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Poem by Louisa Sarah Bevington


Midnight


THERE are sea and sky about me,
    And yet nothing sense can mark;
For a mist fills all the midnight
    Adding blindness to its dark.

There is not the faintest echo
    From the life of yesterday:
Not the vaguest stir foretelling
    Of a morrow on the way.

'Tis negation's hour of triumph
    In the absence of the sun;
'Tis the hour of endings, ended,
    Of beginnings, unbegun.

Yet the voice of awful silence
    Bids my waiting spirit hark;
There is action in the stillness,
    There is progress in the dark.

In the drift of things and forces
    Comes the better from the worse;
Swings the whole of Nature upward,
    Wakes, and thinks--a universe.

There will be more life to-morrow,
    And of life, more life that knows;
Though the sum of force be constant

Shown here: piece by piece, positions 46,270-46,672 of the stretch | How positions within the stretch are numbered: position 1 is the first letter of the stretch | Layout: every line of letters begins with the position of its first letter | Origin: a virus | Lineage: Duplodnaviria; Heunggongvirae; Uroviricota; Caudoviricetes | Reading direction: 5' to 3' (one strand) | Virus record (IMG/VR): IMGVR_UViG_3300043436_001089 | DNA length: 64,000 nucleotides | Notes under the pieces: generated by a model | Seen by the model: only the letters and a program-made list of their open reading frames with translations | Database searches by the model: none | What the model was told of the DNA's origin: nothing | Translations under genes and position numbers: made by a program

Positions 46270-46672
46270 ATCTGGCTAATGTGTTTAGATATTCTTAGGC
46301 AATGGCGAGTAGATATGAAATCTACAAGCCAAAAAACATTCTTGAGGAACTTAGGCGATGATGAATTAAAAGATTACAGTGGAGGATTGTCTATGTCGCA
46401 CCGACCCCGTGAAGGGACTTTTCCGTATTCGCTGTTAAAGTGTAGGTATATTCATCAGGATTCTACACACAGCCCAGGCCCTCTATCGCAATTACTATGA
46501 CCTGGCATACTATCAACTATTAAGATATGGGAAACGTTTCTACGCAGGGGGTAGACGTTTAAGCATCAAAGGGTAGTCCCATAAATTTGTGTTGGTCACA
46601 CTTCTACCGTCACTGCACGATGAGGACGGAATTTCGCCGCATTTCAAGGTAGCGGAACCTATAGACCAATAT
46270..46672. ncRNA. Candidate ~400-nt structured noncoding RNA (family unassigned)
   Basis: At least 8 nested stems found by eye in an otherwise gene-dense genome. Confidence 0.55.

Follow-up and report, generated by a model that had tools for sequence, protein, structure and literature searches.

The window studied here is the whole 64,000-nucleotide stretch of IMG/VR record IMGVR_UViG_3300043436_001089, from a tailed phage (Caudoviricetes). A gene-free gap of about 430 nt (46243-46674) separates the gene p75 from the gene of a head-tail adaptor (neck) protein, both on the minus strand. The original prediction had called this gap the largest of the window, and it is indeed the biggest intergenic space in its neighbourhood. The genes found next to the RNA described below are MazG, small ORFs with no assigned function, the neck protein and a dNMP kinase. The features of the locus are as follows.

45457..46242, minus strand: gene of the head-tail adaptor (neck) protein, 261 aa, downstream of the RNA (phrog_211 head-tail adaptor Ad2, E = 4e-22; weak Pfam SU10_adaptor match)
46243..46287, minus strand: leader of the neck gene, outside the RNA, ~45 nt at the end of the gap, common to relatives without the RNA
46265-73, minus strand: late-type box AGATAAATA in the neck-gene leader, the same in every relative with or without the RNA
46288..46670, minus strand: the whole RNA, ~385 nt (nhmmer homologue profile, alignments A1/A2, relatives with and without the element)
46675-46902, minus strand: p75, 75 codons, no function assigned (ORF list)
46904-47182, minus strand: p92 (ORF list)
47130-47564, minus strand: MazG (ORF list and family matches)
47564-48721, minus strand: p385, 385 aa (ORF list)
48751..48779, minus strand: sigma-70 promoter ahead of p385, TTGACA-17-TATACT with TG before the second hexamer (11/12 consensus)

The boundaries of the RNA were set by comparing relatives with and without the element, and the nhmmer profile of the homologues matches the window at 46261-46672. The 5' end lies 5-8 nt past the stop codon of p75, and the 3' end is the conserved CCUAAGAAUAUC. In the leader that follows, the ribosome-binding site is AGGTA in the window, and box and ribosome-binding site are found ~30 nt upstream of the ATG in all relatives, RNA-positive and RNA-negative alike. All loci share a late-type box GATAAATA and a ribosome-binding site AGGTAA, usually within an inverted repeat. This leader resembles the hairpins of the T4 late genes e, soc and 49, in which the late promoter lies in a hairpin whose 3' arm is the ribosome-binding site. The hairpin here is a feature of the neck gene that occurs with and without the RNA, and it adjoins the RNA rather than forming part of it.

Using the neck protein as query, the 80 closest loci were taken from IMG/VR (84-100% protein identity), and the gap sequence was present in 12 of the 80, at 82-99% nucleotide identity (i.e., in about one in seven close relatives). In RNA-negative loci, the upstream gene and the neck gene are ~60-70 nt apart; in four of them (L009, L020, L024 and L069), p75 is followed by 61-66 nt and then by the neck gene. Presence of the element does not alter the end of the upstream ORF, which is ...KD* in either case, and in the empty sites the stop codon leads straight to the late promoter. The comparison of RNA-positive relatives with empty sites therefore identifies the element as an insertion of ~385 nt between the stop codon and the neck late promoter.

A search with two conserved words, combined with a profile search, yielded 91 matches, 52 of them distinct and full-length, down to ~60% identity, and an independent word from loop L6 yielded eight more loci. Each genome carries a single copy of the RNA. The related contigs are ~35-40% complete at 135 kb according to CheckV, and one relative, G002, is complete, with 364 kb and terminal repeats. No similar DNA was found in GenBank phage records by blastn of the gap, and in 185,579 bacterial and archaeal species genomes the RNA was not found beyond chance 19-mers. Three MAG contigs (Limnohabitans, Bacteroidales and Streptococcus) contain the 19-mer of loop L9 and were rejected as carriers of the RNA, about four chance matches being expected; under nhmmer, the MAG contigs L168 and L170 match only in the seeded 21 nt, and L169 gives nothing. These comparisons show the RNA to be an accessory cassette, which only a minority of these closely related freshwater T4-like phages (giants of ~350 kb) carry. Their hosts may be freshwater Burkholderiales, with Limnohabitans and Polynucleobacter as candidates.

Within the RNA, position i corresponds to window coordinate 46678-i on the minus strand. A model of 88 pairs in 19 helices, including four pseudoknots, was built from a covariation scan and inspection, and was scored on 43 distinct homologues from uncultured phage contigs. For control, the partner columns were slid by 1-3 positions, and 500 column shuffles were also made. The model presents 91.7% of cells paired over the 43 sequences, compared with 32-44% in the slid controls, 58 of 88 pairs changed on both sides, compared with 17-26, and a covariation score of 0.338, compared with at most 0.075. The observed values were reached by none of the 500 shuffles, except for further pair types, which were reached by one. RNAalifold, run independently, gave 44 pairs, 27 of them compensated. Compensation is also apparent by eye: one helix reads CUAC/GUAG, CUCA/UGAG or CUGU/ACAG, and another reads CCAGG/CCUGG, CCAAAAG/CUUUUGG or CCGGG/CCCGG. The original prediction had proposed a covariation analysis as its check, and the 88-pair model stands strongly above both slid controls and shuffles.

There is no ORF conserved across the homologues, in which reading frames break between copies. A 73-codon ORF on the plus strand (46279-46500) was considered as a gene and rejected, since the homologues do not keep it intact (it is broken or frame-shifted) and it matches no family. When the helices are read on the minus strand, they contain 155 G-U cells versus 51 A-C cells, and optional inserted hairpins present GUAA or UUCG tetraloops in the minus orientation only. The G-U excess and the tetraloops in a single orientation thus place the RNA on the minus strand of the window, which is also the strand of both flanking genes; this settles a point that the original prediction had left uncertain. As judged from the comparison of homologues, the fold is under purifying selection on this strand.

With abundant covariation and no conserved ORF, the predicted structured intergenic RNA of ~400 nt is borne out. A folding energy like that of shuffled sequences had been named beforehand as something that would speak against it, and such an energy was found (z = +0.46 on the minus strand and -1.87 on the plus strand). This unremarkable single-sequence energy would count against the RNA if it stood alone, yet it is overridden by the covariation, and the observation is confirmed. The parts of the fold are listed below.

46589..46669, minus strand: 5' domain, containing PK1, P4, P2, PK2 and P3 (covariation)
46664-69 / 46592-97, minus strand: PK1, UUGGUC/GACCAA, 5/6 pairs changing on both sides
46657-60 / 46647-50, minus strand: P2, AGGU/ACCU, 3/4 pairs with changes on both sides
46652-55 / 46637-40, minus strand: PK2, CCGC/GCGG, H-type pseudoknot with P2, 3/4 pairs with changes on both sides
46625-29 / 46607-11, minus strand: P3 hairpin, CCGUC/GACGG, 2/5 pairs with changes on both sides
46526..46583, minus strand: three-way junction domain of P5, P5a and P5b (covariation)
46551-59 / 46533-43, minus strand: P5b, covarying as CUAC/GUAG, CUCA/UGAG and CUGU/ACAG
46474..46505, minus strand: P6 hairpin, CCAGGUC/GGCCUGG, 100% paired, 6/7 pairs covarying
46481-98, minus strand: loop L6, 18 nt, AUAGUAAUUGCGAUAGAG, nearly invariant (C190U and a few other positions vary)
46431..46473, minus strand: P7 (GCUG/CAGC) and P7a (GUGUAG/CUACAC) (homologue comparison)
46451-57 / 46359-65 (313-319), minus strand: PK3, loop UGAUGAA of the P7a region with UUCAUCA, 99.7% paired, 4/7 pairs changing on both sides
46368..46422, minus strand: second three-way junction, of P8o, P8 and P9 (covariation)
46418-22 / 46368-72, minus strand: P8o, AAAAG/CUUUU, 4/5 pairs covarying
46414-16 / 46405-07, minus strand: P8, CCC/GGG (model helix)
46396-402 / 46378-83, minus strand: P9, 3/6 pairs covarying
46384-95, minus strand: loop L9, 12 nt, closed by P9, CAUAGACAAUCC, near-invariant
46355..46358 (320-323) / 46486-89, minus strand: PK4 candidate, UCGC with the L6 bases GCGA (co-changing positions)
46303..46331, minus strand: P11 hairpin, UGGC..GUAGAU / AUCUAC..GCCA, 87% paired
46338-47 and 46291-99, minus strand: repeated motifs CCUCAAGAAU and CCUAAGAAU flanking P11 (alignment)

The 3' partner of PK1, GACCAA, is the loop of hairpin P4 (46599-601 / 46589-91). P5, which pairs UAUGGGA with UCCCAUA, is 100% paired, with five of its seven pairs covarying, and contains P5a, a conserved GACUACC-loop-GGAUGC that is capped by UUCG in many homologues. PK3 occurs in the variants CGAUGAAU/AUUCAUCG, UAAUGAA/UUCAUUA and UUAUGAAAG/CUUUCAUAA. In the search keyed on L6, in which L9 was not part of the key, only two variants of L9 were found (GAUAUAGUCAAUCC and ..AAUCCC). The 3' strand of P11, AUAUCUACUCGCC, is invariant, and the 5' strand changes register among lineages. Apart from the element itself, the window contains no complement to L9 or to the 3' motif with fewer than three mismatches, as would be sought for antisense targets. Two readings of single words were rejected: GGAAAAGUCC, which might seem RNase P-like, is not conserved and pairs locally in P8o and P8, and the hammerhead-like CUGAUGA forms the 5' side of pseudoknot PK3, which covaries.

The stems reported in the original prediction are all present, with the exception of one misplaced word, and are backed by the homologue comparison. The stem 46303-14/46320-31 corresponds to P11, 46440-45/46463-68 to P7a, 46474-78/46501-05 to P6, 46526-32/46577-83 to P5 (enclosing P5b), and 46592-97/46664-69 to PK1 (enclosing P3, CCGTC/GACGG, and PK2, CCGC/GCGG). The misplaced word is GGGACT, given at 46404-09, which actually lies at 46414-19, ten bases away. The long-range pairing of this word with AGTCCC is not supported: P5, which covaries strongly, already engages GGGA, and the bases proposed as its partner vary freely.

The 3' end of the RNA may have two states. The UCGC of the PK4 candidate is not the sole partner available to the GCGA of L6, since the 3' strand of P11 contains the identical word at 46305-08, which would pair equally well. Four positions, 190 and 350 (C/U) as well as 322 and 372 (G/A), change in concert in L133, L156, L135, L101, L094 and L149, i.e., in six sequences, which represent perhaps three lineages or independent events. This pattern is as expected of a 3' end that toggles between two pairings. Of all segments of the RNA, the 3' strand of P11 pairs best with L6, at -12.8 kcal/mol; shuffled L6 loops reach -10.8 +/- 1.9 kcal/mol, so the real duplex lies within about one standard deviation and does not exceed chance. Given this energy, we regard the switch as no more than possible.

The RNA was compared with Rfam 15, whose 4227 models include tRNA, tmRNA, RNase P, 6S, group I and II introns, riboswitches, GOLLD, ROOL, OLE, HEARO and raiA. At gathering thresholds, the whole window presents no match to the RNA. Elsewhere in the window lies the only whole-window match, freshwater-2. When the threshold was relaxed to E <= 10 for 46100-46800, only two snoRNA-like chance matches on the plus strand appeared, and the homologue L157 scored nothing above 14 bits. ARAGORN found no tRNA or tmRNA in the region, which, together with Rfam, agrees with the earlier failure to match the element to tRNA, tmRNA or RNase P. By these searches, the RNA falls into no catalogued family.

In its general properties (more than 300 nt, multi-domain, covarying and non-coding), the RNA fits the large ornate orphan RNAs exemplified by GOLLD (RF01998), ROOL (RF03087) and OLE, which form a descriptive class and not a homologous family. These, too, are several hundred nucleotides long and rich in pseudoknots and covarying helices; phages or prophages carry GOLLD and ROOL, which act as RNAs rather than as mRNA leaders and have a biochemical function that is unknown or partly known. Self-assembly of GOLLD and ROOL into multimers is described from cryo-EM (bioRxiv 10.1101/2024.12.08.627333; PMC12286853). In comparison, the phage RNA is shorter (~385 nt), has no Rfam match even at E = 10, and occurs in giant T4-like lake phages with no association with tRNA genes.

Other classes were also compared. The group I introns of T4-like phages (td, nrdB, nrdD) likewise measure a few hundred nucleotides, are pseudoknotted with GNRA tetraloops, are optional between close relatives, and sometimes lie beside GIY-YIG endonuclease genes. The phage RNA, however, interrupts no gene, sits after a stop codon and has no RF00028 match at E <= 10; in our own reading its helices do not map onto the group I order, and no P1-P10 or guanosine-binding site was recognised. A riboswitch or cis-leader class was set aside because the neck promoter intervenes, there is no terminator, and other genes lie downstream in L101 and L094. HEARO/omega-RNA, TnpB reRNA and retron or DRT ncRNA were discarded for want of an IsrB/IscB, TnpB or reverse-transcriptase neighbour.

Yet the Living ever grows.

So we sing of evolution,
    And step strongly on our ways;
And we live through nights in patience
    And we learn the worth of days.

In the silence of murk midnight
    Is revealed to me this thing:
Nothing hinders, all enables
    Nature's vast awakening. 



Louisa Sarah Bevington


Louisa Sarah Bevington's other poems:
  1. The Poets Tear
  2. Unperfected
  3. Merle Wood
  4. Steel or Gold?
  5. Revolution


Poems of the other poets with the same name:

  • Thomas Hood Midnight ("Unfathomable Night! how dost thou sweep")
  • Henry Vaughan Midnight ("WHEN to my Eyes")
  • Archibald Lampman Midnight ("From where I sit, I see the stars")
  • Clinton Scollard Midnight ("The world is locked in sleep with perfect night")
  • Harriet Beecher Stowe Midnight ("All dark! - no light, no ray!")

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